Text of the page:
Digital designer Kyle Robertson on balancing employment with freelance side projects

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Kyle Robertson is a designer based in London who, having relocated from Scotland, enjoys working full time while spending his own time working on a wide range of creative projects.

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I work for a good mix of clients in my freelance capacity. Everything from start-ups to established brands. When I am not freelancing I work as part of the in-house design team at the British Film Institute (BFI) on London’s Southbank. I also always have a few personal projects on the go which keeps me fairly busy throughout the year.

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After college I was working in a deli and noticed that they were advertising for an in-house designer. After a few chats I managed to get the job which started on a trial basis but then matured into a full time position. I worked there for a few years, building up a good selection of brand and advertising work. This put me in a good position when I joined my first brand agency Wolffe. This is where I learned my craft under ex-creative director of Tayburn Andrew Wolffe.

I soaked up a lot of great experience there which led me to a more digitally focused agency called Heehaw. At Heehaw I got to work on some big brand brand work such as Transport for Edinburgh, Advertising Standards Authority and Exova. Within 4 years I managed to go from a junior to a senior designer and I was after a new challenge. I decided to move from Edinburgh down to London and it was here where I got a position at the British Film Institute on London’s exciting Southbank.

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I am hugely inspired by fellow designers and agencies and I attend exhibitions and talks a lot in the design community. I find the work of agencies such as Wolff Olins, Pentagram and Design Bridge really inspiring. I always try to keep on top of what’s going on by following different designers and figures on Twitter, catching up with creative trends on Behance, Creative Bloq and other sites is also helpful.

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Unsurprisingly as a designer I tend to think in pictures. Some ideas can come to me fully-formed, others only appear after a few stages of crafting and creating. I usually start with a lot of research on the client/project. It’s here where the project really starts to make sense and come alive for me. While doing research I will do rough sketches and notes, then work these up to more refined ideas and just keep tweaking and polishing until it feels right.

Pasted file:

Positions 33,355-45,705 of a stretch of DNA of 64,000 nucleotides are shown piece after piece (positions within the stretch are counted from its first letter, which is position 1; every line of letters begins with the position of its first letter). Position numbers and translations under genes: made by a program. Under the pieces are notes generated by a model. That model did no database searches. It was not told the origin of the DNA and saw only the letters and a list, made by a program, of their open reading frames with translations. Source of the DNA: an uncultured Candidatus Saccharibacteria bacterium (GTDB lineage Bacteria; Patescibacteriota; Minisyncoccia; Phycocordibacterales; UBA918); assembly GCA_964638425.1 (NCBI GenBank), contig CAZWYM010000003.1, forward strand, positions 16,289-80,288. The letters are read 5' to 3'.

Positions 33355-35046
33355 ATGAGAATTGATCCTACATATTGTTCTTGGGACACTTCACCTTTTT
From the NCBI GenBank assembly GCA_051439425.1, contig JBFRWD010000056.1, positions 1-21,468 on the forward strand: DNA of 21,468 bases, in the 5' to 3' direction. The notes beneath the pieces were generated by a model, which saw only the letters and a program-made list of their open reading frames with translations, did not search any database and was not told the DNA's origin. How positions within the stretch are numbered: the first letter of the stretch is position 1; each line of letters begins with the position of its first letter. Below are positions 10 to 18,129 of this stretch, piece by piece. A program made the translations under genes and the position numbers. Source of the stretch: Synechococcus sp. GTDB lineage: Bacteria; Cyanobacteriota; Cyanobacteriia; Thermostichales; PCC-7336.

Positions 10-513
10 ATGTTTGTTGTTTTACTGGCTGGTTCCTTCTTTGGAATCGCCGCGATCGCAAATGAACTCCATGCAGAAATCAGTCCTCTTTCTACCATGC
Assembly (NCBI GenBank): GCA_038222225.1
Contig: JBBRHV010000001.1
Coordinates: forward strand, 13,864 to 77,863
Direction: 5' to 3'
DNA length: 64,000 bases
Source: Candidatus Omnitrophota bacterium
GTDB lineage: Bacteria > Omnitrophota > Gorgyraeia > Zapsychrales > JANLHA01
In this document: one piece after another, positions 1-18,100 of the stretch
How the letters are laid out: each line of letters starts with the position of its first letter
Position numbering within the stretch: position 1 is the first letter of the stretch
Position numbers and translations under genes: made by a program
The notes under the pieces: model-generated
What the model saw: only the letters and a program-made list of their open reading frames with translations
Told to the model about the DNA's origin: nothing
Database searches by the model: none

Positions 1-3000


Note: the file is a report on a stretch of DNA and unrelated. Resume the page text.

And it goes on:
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I start with pencils and paper sketching out rough ideas and sometimes storyboards for video and motion graphic work. I then gravitate to my laptop and depending on the work I use the big-hitters in the Adobe Creative Suite, so Photoshop Illustrator, AfterEffects, Premiere and InDesign. If I am doing web development work I tend to stick with WordPress or Drupal.

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For my main job at the BFI, I work in a design studio on Southbank with my fellow designers and marketing executives. It’s a pretty inspiring place to work as we are surrounded by so much culture and industry with the National Theatre right next door and ITV studios and IBM just down the street. When I am freelancing, I tend to work from home by myself for minimal distractions. Just a steady supply of coffee and Spotify all day.

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I love the excitement of a new brief, that’s always special. The ideas start flooding in and you start to get inspired and excited about potential concepts. There is also something quite therapeutic for me about researching my projects in a really methodical and slightly obsessive way.

I try not to think too hard about long term, but I think like most designers I would like to get more involved with work that has a big impact and influence on people and can change things for the better.

 Learn more about Kyle on his website.

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